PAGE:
Christ also, when His disciples were asked for the tribute money, asked of Peter whether the children of a king were not free from taxes. Peter agreed to this; yet Jesus commanded him to go to the sea, saying, “Lest we should offend them, go thou to the sea, and cast a hook, and take up the fish that first cometh up; and when thou hast opened his mouth thou shalt find a piece of money; that take, and give unto them for Me and thee” (Matt. xvii. 27). 84

This example is very much to our purpose; for here Christ calls Himself and His disciples free men and children of a King, in want of nothing; and yet He voluntarily submits and pays the tax. Just as far, then, as this work was necessary or useful to Christ for justification or salvation, so far do all His other works or those of His disciples avail for justification. They are really free and subsequent to justification, and only done to serve others and set them an example. 85

Such are the works which Paul inculcated, that Christians should be subject to principalities and powers and ready to every good work (Titus iii. 1), not that they may be justified by these things—for they are already justified by faith—but that in liberty of spirit they may thus be the servants of others and subject to powers, obeying their will out of gratuitous love. 86

Such, too, ought to have been the works of all colleges, monasteries, and priests; every one doing the works of his own profession and state of life, not in order to be justified by them, but in order to bring his own body into subjection, as an example to others, who themselves also need to keep under their bodies, and also in order to accommodate himself to the will of others, out of free love. But we must always guard most carefully against any vain confidence or presumption of being justified, gaining merit, or being saved by these works, this being the part of faith alone, as I have so often said. 87

Any man possessing this knowledge may easily keep clear of danger among those innumerable commands and precepts of the Pope, of bishops, of monasteries, of churches, of princes, and of magistrates, which some foolish pastors urge on us as being necessary for justification and salvation, calling them precepts of the Church, when they are not so at all. For the Christian freeman will speak thus: I will fast, I will pray, I will do this or that which is commanded me by men, not as having any need of these things for justification or salvation, but that I may thus comply with the will of the Pope, of the bishop, of such a community or such a magistrate, or of my neighbour as an example to him; for this cause I will do and suffer all things, just as Christ did and suffered much more for me, though He needed not at all to do so on His own account, and made Himself for my sake under the law, when He was not under the law. And although tyrants may do me violence or wrong in requiring obedience to these things, yet it will not hurt me to do them, so long as they are not done against God. 88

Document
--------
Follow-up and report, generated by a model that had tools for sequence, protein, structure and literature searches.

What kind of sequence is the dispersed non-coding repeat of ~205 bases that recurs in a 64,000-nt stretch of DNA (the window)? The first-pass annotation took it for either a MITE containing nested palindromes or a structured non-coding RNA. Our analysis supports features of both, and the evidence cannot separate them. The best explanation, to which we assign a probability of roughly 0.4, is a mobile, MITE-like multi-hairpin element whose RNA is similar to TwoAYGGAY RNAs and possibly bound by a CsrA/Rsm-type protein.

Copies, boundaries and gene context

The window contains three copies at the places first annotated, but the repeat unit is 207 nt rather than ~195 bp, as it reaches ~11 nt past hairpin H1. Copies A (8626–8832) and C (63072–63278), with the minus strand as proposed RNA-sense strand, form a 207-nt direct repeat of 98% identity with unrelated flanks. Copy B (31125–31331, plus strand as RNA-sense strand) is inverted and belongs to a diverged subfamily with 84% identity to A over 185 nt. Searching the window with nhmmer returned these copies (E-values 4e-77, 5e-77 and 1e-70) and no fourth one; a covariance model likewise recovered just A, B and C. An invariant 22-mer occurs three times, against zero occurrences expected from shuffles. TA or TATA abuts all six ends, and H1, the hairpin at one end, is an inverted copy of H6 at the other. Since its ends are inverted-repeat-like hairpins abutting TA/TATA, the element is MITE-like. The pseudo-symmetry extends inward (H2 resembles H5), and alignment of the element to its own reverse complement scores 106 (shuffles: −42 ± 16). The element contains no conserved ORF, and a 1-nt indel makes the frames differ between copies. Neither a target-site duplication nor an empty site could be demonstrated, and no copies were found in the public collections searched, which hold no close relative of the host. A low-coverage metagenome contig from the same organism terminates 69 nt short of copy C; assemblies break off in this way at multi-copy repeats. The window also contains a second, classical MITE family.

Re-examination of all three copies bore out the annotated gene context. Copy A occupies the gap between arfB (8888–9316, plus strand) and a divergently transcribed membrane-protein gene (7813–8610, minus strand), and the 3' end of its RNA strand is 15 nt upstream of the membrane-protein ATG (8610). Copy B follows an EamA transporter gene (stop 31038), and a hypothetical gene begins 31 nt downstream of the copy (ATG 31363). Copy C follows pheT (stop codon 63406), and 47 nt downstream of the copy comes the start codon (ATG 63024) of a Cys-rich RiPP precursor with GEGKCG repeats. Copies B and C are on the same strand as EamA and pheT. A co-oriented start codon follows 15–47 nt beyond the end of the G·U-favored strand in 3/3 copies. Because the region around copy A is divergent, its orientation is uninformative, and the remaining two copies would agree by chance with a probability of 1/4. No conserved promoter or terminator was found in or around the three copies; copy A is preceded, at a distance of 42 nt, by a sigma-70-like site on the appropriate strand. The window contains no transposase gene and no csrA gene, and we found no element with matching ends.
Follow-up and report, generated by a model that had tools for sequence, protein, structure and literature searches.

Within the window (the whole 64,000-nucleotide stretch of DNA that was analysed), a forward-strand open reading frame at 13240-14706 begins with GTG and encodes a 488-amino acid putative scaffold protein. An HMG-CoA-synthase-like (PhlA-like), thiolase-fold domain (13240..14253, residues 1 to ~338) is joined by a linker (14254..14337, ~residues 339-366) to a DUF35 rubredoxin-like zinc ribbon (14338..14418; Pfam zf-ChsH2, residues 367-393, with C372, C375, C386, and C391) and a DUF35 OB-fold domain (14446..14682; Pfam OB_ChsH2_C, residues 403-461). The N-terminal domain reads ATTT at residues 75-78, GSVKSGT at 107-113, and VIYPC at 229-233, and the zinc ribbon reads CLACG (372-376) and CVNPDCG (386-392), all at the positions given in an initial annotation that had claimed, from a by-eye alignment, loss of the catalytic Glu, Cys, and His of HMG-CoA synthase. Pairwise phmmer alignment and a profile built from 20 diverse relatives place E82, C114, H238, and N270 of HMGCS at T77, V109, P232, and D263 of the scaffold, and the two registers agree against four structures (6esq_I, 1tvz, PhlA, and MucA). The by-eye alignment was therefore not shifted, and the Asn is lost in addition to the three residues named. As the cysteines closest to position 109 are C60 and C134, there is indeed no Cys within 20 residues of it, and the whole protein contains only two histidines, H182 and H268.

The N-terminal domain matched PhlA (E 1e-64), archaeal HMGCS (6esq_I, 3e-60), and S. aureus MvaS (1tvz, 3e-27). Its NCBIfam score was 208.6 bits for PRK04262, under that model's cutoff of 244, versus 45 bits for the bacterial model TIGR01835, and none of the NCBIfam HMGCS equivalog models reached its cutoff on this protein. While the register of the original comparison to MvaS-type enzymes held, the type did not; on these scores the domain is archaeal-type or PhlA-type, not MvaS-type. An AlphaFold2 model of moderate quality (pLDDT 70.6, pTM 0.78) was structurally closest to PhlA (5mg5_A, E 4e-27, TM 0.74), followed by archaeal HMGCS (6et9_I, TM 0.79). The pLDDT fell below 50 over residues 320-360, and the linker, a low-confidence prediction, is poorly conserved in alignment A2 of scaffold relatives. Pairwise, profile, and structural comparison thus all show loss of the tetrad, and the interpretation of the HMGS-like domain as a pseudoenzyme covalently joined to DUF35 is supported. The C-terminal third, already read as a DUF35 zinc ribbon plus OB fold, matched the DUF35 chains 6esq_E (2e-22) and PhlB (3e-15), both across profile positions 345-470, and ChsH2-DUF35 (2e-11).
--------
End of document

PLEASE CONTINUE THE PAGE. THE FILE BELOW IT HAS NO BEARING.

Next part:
From all this every man will be able to attain a sure judgment and faithful discrimination between all works and laws, and to know who are blind and foolish pastors, and who are true and good ones. For whatsoever work is not directed to the sole end either of keeping under the body, or of doing service to our neighbour—provided he require nothing contrary to the will of God—is no good or Christian work. Hence I greatly fear that at this day few or no colleges, monasteries, altars, or ecclesiastical functions are Christian ones; and the same may be said of fasts and special prayers to certain saints. I fear that in all these, nothing is being sought but what is already ours; while we fancy that by these things our sins are purged away and salvation is attained, and thus utterly do away with Christian liberty. This comes from ignorance of Christian faith and liberty. 89

This ignorance and this crushing of liberty are diligently promoted by the teaching of very many blind pastors, who stir up and urge the people to a zeal for these things, praising them and puffing them up with their indulgences, but never teaching faith. Now I would advise you, if you have any wish to pray, to fast, or to make foundations in churches, as they call it, to take care not to do so with the object of gaining any advantage, either temporal or eternal. You will thus wrong your faith, which alone bestows all things on you, and the increase of which, either by working or by suffering, is alone to be cared for. What you give, give freely and without price, that others may prosper and have increase from you and your goodness. Thus you will be a truly good man and a Christian. For what to you are your goods and your works, which are done over and above for the subjection of the body, since you have abundance for yourself through your faith, in which God has given you all things? 90

We give this rule: the good things which we have from God ought to flow from one to another and become common to all, so that every one of us may, as it were, put on his neighbour, and so behave towards him as if he were himself in his place. They flowed and do flow from Christ to us; He put us on, and acted for us as if He Himself were what we are. From us they flow to those who have need of them; so that my faith and righteousness ought to be laid down before God as a covering and intercession for the sins of my neighbour, which I am to take on myself, and so labour and endure servitude in them, as if they were my own; for thus has Christ done for us. This is true love and the genuine truth of Christian life. But only there is it true and genuine where there is true and genuine faith. Hence the Apostle attributes to charity this quality: that she seeketh not her own. 91